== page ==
If you want to emulate Christ, you must know Christ. And so often, I think the American church has got it all wrong. I don’t think it is fair or right to point fingers and there are many Christians and churches who are doing it right. Ultimately, I think each of us must evaluate our own lives in light of the life of Christ. Are we seeking to live like He did? As I have blogged about quite a bit recently, the idea of hospitality and serving others seems to continue to be a theme God is pressing into my soul. I think it is because for so many years I have been so busy with so much, I have forgotten we are to be busy with a who, not a what. We are to be seeking Christ, not seeking tasks, projects, notches on a resume, or shiny awards.
The other day, one sentence in the book I was reading stopped me in my tracks. The author was talking about the last hours of Christ’s life and how He spent those last precious hours. He had the unique advantage of knowing He was going to die. We do not know when death will come. A study of the last hours of Christ’s life reveal what was important to Him and this is what caused me to stop. To evaluate. To think. To consider my own life in light of His.
The night before Christ was crucified, He broke bread with his closest friends. He didn’t travel to an exotic locale, He didn’t check one more thing off His bucket list, He didn’t make some grand spectacle out of his last hours. He simply shared a meal around the table with those He loved. What a beautiful picture and humbling reminder this was for me. In light of the fact I have no clue how long my time on earth will be, how am I living out this principle? Am I spending my precious time with people? Am I inviting in those I love to eat around the table? Am I taking time for small moments? For ordinary events that I may never be able to write on a resume or put on an award application?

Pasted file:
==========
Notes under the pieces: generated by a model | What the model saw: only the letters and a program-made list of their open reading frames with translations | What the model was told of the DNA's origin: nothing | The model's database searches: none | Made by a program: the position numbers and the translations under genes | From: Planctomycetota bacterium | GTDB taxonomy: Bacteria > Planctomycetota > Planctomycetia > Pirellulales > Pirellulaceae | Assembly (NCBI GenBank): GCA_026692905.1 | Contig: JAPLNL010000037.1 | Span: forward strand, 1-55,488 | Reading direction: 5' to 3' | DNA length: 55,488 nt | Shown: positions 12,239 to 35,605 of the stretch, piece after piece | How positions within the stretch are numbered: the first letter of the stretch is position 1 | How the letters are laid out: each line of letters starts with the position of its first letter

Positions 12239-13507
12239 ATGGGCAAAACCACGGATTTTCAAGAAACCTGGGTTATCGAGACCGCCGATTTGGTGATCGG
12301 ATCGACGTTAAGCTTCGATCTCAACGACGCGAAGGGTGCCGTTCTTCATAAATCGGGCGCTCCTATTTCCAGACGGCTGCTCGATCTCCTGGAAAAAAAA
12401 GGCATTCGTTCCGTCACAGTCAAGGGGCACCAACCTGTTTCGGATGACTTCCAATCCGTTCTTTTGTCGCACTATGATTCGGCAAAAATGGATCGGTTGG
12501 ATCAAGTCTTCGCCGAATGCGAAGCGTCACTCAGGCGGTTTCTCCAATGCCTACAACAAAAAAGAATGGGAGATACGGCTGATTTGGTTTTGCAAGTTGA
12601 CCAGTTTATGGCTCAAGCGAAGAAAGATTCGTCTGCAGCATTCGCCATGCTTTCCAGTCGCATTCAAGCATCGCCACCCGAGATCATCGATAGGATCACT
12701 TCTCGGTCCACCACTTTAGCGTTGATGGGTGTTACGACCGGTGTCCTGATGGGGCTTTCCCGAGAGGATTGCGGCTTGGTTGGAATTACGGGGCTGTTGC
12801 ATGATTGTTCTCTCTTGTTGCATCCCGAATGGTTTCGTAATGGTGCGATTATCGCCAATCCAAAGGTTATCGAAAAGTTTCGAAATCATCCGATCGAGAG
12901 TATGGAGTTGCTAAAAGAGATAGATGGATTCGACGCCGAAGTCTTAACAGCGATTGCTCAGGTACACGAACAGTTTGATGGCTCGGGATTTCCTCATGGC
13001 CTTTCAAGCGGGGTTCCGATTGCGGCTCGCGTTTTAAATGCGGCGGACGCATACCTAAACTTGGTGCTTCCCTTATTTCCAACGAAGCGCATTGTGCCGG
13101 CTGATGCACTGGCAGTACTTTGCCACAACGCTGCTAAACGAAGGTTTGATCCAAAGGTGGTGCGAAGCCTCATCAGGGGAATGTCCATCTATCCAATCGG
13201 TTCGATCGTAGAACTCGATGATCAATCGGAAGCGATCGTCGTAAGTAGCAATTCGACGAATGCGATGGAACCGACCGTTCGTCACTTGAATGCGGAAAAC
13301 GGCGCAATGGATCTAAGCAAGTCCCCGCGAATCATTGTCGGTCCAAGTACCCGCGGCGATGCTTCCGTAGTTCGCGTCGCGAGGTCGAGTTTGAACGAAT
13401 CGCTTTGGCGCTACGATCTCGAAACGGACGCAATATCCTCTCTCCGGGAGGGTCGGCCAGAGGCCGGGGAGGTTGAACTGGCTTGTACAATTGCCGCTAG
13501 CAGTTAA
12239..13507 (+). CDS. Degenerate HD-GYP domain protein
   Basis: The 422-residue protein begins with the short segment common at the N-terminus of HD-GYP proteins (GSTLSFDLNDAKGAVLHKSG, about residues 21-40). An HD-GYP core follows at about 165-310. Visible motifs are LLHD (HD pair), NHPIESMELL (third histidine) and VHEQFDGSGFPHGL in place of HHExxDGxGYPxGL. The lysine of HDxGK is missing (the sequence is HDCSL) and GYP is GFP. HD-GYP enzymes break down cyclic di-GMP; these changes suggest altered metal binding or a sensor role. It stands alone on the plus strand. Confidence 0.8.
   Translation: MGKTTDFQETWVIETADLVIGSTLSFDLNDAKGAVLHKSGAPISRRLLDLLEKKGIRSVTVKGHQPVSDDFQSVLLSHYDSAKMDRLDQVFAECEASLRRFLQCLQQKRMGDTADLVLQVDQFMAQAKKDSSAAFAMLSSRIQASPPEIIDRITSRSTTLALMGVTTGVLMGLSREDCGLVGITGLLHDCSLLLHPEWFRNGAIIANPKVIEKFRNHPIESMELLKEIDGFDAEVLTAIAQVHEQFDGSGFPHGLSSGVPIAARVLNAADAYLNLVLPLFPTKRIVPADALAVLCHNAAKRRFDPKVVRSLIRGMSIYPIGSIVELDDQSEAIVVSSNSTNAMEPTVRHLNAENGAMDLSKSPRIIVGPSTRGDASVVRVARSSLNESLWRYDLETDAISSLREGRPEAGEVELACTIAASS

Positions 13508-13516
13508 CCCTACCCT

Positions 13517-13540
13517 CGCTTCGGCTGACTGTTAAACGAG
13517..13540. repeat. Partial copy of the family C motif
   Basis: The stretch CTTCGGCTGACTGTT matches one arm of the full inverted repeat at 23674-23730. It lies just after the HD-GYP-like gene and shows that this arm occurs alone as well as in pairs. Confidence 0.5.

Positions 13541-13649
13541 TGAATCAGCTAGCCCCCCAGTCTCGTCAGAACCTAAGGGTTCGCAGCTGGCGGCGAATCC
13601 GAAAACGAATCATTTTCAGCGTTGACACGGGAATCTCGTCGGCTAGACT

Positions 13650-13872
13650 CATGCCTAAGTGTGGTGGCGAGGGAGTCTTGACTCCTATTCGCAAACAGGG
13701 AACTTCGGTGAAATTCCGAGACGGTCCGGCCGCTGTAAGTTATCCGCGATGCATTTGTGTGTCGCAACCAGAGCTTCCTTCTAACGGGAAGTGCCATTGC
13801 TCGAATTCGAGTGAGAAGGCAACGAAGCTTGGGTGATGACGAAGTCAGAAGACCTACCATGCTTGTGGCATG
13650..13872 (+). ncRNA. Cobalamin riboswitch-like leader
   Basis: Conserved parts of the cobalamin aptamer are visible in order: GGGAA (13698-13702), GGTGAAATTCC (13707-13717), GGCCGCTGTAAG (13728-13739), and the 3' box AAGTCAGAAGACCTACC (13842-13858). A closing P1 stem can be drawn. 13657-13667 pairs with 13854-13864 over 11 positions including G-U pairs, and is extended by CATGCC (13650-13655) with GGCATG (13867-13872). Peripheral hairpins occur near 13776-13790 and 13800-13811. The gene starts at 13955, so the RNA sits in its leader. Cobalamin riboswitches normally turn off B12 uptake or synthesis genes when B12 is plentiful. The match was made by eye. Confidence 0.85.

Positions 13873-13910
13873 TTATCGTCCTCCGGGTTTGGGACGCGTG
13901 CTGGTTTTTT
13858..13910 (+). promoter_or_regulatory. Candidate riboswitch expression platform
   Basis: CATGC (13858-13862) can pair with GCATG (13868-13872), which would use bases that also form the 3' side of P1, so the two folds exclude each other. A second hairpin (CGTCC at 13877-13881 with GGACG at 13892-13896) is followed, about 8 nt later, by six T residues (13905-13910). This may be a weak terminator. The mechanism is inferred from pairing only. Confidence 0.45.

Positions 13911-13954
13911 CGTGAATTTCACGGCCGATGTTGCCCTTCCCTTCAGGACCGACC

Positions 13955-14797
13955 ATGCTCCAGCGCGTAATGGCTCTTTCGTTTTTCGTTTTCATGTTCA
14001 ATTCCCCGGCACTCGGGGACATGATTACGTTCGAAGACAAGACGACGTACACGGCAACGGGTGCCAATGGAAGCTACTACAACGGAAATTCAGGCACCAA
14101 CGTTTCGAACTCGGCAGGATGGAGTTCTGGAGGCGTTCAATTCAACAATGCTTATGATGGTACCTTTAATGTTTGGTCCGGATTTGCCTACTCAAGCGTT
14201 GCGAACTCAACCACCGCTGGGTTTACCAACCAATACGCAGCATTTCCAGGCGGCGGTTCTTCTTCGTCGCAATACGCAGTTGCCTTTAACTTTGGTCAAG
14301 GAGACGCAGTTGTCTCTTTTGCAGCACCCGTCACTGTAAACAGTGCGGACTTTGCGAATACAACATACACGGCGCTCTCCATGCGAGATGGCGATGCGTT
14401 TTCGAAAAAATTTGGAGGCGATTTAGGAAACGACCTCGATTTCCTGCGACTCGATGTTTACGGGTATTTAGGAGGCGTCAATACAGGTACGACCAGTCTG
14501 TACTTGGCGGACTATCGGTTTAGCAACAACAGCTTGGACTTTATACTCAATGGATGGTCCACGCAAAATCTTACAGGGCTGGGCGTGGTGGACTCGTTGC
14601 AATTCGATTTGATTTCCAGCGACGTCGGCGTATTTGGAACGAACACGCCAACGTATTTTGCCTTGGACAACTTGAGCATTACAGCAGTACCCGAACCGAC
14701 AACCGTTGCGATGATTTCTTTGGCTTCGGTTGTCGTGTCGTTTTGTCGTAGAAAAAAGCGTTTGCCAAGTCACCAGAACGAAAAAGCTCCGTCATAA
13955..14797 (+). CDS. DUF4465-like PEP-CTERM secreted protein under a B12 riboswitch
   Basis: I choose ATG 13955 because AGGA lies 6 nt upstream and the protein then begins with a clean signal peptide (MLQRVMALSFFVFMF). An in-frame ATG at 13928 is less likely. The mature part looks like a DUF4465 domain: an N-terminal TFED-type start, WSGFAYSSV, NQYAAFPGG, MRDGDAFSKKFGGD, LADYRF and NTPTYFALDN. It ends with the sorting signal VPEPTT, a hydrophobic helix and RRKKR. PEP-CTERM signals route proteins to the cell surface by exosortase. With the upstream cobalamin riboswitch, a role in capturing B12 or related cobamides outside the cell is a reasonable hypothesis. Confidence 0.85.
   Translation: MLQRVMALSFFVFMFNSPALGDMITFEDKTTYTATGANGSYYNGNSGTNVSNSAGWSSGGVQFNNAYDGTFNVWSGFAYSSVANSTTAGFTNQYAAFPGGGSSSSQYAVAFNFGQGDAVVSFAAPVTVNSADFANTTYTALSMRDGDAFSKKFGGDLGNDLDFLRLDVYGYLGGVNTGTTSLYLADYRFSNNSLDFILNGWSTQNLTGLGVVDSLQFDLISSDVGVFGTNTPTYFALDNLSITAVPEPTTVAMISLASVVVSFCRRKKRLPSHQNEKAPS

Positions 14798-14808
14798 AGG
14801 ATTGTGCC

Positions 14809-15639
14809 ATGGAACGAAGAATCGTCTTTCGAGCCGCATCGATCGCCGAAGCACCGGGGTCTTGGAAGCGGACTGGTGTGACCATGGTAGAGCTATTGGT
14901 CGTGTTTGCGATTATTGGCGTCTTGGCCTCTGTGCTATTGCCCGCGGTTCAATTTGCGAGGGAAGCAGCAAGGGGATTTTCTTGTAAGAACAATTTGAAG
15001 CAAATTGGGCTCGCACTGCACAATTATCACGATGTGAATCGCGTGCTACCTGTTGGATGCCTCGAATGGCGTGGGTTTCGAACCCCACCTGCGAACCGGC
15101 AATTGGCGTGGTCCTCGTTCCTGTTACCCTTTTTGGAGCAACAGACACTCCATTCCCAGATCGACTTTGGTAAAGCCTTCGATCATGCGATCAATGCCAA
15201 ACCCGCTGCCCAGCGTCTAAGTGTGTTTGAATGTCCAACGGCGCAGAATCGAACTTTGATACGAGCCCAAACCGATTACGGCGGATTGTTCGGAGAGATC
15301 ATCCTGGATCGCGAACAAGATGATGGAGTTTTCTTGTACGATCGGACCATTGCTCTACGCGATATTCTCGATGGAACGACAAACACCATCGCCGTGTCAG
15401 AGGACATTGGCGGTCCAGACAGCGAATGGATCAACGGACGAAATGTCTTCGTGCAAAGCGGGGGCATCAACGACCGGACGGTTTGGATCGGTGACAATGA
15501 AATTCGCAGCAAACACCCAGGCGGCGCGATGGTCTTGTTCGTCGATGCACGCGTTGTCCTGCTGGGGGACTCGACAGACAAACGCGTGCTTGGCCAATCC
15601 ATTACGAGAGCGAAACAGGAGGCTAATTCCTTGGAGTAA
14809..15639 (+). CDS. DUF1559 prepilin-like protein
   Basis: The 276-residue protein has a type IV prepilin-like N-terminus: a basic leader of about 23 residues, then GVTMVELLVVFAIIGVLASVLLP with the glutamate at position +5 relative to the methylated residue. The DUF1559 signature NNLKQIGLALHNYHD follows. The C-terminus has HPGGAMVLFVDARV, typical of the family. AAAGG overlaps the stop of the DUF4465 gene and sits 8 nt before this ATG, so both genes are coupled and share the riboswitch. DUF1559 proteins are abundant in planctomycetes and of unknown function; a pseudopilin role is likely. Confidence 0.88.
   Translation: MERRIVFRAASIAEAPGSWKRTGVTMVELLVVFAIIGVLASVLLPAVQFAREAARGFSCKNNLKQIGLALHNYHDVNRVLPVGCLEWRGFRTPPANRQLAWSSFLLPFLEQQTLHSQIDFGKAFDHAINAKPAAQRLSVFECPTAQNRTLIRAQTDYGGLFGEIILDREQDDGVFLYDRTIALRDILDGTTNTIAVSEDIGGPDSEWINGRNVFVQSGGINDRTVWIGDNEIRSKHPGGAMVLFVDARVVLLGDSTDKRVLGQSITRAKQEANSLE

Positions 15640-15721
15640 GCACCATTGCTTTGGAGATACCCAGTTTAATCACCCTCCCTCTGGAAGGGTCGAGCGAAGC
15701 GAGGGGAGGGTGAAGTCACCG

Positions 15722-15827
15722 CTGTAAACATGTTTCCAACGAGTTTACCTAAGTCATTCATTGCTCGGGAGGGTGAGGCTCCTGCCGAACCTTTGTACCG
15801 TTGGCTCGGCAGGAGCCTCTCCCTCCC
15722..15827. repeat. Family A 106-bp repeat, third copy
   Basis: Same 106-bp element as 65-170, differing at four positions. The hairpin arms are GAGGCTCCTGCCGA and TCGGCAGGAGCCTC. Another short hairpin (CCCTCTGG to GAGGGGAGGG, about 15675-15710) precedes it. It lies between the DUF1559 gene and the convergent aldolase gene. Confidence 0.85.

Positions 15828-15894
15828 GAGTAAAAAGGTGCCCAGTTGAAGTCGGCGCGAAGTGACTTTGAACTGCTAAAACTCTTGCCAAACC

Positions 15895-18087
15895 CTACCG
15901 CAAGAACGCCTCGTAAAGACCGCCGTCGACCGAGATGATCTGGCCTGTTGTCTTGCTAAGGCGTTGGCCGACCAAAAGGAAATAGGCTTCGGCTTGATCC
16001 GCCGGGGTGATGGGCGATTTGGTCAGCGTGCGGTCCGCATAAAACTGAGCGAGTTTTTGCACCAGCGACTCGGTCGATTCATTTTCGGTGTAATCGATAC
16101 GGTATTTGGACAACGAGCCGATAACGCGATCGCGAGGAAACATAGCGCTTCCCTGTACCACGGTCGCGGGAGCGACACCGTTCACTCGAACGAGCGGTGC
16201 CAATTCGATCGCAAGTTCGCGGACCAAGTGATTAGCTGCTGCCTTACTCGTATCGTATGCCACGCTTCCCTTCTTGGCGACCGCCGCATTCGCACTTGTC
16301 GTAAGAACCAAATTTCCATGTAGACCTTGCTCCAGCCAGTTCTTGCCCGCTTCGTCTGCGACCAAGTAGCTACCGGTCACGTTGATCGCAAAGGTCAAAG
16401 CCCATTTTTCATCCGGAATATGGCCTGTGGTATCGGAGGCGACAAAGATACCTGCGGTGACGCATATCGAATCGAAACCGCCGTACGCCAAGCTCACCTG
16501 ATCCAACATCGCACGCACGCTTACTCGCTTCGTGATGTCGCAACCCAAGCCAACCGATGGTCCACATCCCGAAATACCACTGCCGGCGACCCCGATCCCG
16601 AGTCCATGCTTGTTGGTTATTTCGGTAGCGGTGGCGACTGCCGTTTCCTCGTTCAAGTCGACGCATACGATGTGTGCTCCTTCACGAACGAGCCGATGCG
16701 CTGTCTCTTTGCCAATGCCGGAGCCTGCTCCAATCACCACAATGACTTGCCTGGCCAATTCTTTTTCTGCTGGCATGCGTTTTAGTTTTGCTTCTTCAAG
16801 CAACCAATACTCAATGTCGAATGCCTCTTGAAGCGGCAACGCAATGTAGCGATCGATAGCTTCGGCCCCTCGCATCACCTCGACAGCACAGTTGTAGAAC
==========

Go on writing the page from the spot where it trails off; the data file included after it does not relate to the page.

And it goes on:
People were most important to Jesus. He spent time with them, He cared for their souls, and during His last moments before a brutal death, He fed them a meal, washed their feet, and comforted their souls. This is the life we are called to friends. This is the good work.
But why oh why is it so hard? I will be the first to admit my schedule gets out of control. I have a toddler at home and a husband who works a lot so a clean house happens for about .5 hours a week. Some nights our “dinner” consists of sandwiches, leftovers, or eggs and toast because this momma is exhausted. But in studying Jesus’ last hours, I realized I so often miss the point. He didn’t expect perfection out of people. He met them in their brokenness, in their hurt, in their moments of need and shame and despair. He didn’t come to them in a spiffy business suit looking like he stepped off the cover of a magazine. He came to them with open arms and invited them in. He invited them to a messy life, to a hard life, to a life of sacrifice, and joy, and hope, and peace. And with His last moments, He spent time around the table eating, drinking, and serving.
This is the good work we are called to do in this broken world. It is not to have perfect houses or perfect kids or perfect resumes. It is to spend our time sharing our brokenness with those around us. It is to open our messy homes and say come on over. It is to nourish the body and soul with food and hope. It is to love. And I believe in doing this, we will see a world transformed once again by the message of hope and love Jesus brings to us all.